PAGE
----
Rasputin and 1917

My review of Douglas Smith’s Rasputin: Faith, Power, and the Twilight of the Romanovs, an engrossing biography that, like all great works in the genre, doubles as a portrait of its subject’s era, appeared in LARB on Wednesday, Nov. 23.

And today the Financial Times ran Anna Aslanyan’s marvelous assessment — the first in the major press — of my anthology 1917: Stories and Poems from the Russian Revolution. I couldn’t have hoped for a more perceptive, appreciative critic than Aslanyan, who is a gifted translator in her own right. Anna focuses on James Womack’s translations of Mayakovsky’s poems, Peter France’s renditions of Aleksey Remizov’s and Vasily Rozanov’s experimental prose, Bryan Karetnyk’s version of Aleksandr Serfimovich’s “How He Died” (“a soldier’s tale tragic in its banality […] told in a language that is simple yet powerful”), and Rose France’s version of Mikhail Zoshchenko’s bitterly ironic article  “A Wonderful Audacity.” That gives me a great opportunity to thank these remarkable translators for their contributions to the volume. And while I’m at it, I’d also like to thank Josh Billings, Robert Chandler, Maria Bloshteyn, Michael Casper, Lisa Hayden, Martha Kelly, Donald Rayfield, and Margo Shohl Rosen.

Autumn in the Heart

I am deeply grateful to Melissa Beck for her generous, sensitive review of Babel’s Odessa Stories. I hope her concluding thoughts do not fall on deaf ears.

The book has received two more reviews — Robert Minto’s eloquent, insightful analysis in Open Letters Monthly and Nicholas Lezard’s enormously kind and witty take in the The Guardian.

The fabulous folks at Pushkin Press have also posted a brief Q&A, in which I marvel at Mark Twain’s exacting diction. Had I the space, I would have linked the man directly to Odessa. Here he is, recounting his visit to the pearl of the Black Sea in The Innocents Abroad (1869):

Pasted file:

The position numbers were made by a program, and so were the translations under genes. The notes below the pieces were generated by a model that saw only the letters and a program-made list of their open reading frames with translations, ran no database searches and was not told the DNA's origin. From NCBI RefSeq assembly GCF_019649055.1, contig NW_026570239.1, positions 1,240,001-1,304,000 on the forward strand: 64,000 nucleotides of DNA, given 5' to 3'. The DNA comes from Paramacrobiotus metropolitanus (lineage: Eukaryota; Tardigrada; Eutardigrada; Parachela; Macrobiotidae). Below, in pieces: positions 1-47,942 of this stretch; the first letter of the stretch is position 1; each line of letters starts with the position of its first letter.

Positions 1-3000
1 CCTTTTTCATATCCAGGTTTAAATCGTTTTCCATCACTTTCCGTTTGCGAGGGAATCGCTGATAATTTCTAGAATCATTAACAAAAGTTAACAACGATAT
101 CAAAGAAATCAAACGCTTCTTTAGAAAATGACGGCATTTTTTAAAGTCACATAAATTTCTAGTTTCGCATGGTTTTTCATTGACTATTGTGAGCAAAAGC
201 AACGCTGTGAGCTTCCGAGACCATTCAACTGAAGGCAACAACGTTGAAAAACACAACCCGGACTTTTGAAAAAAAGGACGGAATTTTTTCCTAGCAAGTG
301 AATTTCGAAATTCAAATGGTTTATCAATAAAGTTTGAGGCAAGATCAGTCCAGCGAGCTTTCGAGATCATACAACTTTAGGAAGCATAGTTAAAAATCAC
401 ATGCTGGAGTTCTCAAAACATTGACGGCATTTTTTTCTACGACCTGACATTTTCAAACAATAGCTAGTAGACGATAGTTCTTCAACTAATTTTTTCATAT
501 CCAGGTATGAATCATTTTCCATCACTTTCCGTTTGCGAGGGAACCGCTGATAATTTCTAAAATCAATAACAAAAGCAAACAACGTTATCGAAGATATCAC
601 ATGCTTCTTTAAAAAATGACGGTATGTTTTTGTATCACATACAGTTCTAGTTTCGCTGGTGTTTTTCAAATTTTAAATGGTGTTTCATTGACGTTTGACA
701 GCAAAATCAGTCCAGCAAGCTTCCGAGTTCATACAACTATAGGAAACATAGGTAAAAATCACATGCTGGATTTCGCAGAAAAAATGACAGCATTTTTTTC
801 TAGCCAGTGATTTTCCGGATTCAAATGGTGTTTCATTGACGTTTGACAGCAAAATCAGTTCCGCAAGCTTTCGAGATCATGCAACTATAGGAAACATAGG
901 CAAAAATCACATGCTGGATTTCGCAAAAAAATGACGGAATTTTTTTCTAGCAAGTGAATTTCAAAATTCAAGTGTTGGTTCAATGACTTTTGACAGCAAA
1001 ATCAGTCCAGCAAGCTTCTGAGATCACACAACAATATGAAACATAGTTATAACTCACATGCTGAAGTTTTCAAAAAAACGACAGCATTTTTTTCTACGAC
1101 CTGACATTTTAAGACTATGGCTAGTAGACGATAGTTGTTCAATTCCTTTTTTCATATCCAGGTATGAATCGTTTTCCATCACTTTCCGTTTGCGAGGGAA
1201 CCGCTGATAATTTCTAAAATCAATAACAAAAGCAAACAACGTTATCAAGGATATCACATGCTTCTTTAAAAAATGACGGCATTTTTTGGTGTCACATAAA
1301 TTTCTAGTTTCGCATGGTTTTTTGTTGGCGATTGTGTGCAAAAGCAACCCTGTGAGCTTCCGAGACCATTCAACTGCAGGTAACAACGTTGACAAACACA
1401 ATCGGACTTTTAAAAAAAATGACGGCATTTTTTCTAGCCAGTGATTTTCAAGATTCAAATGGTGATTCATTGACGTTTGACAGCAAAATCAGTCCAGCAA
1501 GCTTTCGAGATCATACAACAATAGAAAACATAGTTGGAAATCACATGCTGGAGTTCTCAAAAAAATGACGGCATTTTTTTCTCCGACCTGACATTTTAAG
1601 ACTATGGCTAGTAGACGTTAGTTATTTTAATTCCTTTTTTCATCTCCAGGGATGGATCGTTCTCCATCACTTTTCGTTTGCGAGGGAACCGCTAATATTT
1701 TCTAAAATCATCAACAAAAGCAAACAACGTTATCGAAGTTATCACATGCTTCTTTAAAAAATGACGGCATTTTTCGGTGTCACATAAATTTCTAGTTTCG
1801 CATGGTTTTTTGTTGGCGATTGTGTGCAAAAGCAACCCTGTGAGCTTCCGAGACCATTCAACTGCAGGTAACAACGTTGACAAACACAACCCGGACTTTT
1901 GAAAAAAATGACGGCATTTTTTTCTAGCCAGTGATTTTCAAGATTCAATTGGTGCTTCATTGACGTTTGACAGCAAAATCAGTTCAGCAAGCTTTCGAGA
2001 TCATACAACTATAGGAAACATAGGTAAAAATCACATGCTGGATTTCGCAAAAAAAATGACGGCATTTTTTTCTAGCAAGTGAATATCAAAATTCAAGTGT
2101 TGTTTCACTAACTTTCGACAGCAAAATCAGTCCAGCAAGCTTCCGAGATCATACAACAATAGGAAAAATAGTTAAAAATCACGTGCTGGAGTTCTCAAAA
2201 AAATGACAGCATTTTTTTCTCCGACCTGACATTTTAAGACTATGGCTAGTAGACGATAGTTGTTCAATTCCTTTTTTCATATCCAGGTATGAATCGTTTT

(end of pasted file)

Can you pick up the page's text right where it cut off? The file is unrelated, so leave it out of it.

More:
I have not felt so much at home for a long time as I did when I “raised the hill” and stood in Odessa for the first time. It looked just like an American city; fine, broad streets, and straight as well; low houses, (two or three stories), wide, neat, and free from any quaintness of architectural ornamentation; locust trees bordering the sidewalks (they call them acacias); a stirring, business-look about the streets and the stores; fast walkers; a familiar new look about the houses and every thing; yea, and a driving and smothering cloud of dust that was so like a message from our own dear native land that we could hardly refrain from shedding a few grateful tears and execrations in the old time-honored American way. Look up the street or down the street, this way or that way, we saw only America! There was not one thing to remind us that we were in Russia.

I’ve mentioned before that my two hometowns — Odessa and Los Angeles — have, to some extent, blended in my mind. This poem reflects that warp in my space-time continuum.

Slavic Lit at LARB

This past week the Los Angeles Review of Books has been heavy on Slavic content! On Monday, October 24, we featured Sasha Razor’s interview with Russian novelist, poet, biographer, and unlikely pop culture icon Dmitry Bykov.

The next day saw the publication of Daniel Elkind’s eloquent, masterfully contextualized review of Vladimir Arsenyev’s classic account Across the Ussuri Kray: Travels in the Sikhote-Alin Mountains — the inspiration for Akira Kurosawa’s Academy Award–winning Dersu Uzala (1975) — in a new translation by Jonathan C. Slaght (Indiana University Press, 2016).

On Thursday, October 27, we published Polish-American poet and essayist Piotr Florczyk’s review of Written in the Dark (Ugly Duckling Presse, 2016), an important brief anthology of poetry from the Siege of Leningrad (1941–1944), edited by Polina Barskova and with an afterword by Ilya Kukulin. Written in the Dark includes poems by Gennady Gor, Dmitry Maksimov, Sergey Rudakov, Vladimir Sterligov, and Pavel Zaltsman, translated by Anand Dibble, Ben Felkner-Quinn, Ainsley Morse, Eugene Ostashevsky, Rebekah Smith, Charles Swank, Jason Wagner, and Matvei Yankelevich.